“The funny thing is with all of the Warwick Davis and family on the red carpet. Davis portrayed Prof Filius Flitwick in the movies. magic, all of the wizardry, what really makes the Harry Potter stories work are the characters,” he said. “The fantastical elements and the action are wonderful, but the characters are what people remember.”
Heyman sent the book to his friend and fellow Brit Lionel Wigram, a production executive at Warner Bros, to gauge the studio’s interest. Wigram said some in Burbank questioned the viability of the creaky fantasy-adventure genre and viewed the tale of a magical boarding school called Hogwarts as too British for the American heartland.
“Don’t spend too much on it,” was the word from the home office, Wigram recalled.
Warner Bros secured the rights for four Harry Potter novels for about US$2mil (RM6.26mil). At that point, only the first book was on shelves in England and none had reached America. Warner Bros tried to get a financial partner on the project, reaching out to studios including Steven Spielberg’s DreamWorks, which passed.
Once the books became a sensation, greenlighting the first Potter film became a major priority at Warner Bros, where Alan Horn had recently taken over as president and Barry Meyer as chairman (replacing longtime studio chiefs Terry Semel and Bob Daly).
DreamWorks circled back and proposed a partnership, but Horn wisely declined. There was one aspect of the DreamWorks talks that did intrigue him, however.
“I did think it would be worthwhile for Steven Spielberg to direct,” said Horn, who offered it to the filmmaker. Spielberg, though, opted to take on Warner’s 2001 scifi film AI: Artificial Intelligence. Chris Columbus, director of Home Alone and Mrs Doubtfire, was then tapped for the job.
Horn, however, was haunted by an interview he heard Rowling give in which she said she treasured the way readers used their imaginations to fill in the specific sights and sounds of the Potter universe. She worried that the studio might limit the magic.
“She expressed some ambivalence, even regret, at having sold the motion picture rights,” Horn said. “I made a little secret pledge in my mind to Ms Rowling – and I had never met her at the time – that just as the books represented the very finest in literary quality and created this phenomenal classic, my job is to have you be proud of the cinematic interpretation of those works.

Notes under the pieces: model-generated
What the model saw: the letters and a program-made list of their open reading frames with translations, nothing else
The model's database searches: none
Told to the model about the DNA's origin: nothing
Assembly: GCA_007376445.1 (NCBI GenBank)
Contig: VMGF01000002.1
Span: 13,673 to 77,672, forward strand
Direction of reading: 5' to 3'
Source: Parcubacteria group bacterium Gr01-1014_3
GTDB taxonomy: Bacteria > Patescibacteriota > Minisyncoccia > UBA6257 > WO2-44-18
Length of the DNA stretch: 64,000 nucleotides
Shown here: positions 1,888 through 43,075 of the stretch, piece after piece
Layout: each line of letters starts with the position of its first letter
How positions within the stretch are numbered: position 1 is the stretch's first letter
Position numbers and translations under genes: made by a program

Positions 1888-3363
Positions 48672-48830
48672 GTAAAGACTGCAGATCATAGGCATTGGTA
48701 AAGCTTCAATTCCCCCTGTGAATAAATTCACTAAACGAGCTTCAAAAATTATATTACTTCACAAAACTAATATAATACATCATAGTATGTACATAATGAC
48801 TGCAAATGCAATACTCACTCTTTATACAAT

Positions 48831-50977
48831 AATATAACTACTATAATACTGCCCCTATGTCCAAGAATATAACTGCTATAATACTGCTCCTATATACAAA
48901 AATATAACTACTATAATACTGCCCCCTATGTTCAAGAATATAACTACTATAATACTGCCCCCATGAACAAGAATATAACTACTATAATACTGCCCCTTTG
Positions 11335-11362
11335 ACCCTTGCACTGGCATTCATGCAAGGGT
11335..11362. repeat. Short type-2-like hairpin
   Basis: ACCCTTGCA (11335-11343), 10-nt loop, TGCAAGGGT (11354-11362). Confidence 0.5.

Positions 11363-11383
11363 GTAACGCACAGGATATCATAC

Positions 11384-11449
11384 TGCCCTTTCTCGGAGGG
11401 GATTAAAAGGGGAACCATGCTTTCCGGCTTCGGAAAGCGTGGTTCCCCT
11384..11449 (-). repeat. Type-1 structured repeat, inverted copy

“I completely identified with her fears: ‘Oh, no, what are these movie people going to do?’ And we discussed a lot of alternative ways to do this but the common thread was that whatever Hogwarts looked like, it would be of the highestquality production ... with the very best people we could find on the planet and we would consult with her every step of the way.”
All this is not to say that the ride for Potter in Hollywood has been entirely smooth. The sixth film was abruptly postponed for eight months, for instance, when Warner Bros decided a summer release would be more profitable. Fans howled in protest.
And despite advertising that the seventh instalment would be in 3D, the studio changed its mind at the last minute after it became clear to Horn, Heyman and director David Yates that they’d have to sacrifice quality to get the conversion done on time.
There was intense debate about casting, too, in the early days. Watson was an instant lock for the brainy Hermione, but filling the title role was more daunting.
Heyman had met Daniel Radcliffe’s parents at a play and encouraged them to bring their boy for an audition. Heyman championed the 10-year-old, but not everyone was convinced. Horn said there was a huge debate and another boy was “very, very close”. Ultimately, it came down to four actors, including Tom Felton, who would end up portraying Potter’s nemesis, Draco Malfoy.
“After (Rowling) saw the Daniel Radcliffe screen test,” Columbus said, “she said: ‘That’s how I always imagined Harry Potter.’”
Why has Potter been so successful?
Ultimately, said Wigram, now a producer at Warner Bros, Harry Potter is “the greatest wish fulfillment” story ever told. “The genius of Jo Rowling was she grounded the wish fulfillment of a real kid who has magical powers in the context of the real world so it was incredibly believable and you enter the fantasy with her,” he said.
It may prove premature, though, to talk about Potter in the past tense. Appearing recently on Oprah Winfrey’s show, Rowling, 45, sounded as if she were softening her stance that she had closed the book on the wizard epic.
“I could definitely write an eighth, a ninth book,” she mused. “I think I am done. But you never know.” – Los Angeles Times/ McClatchy-Tribune Information Services
Rags to riches:
Actor Ralph Fiennes aka Lord Voldemort at the movie premiere.
Also at the premiere was Bonnie Wright who played Ginny Weasley, Harry Potter’s love interest.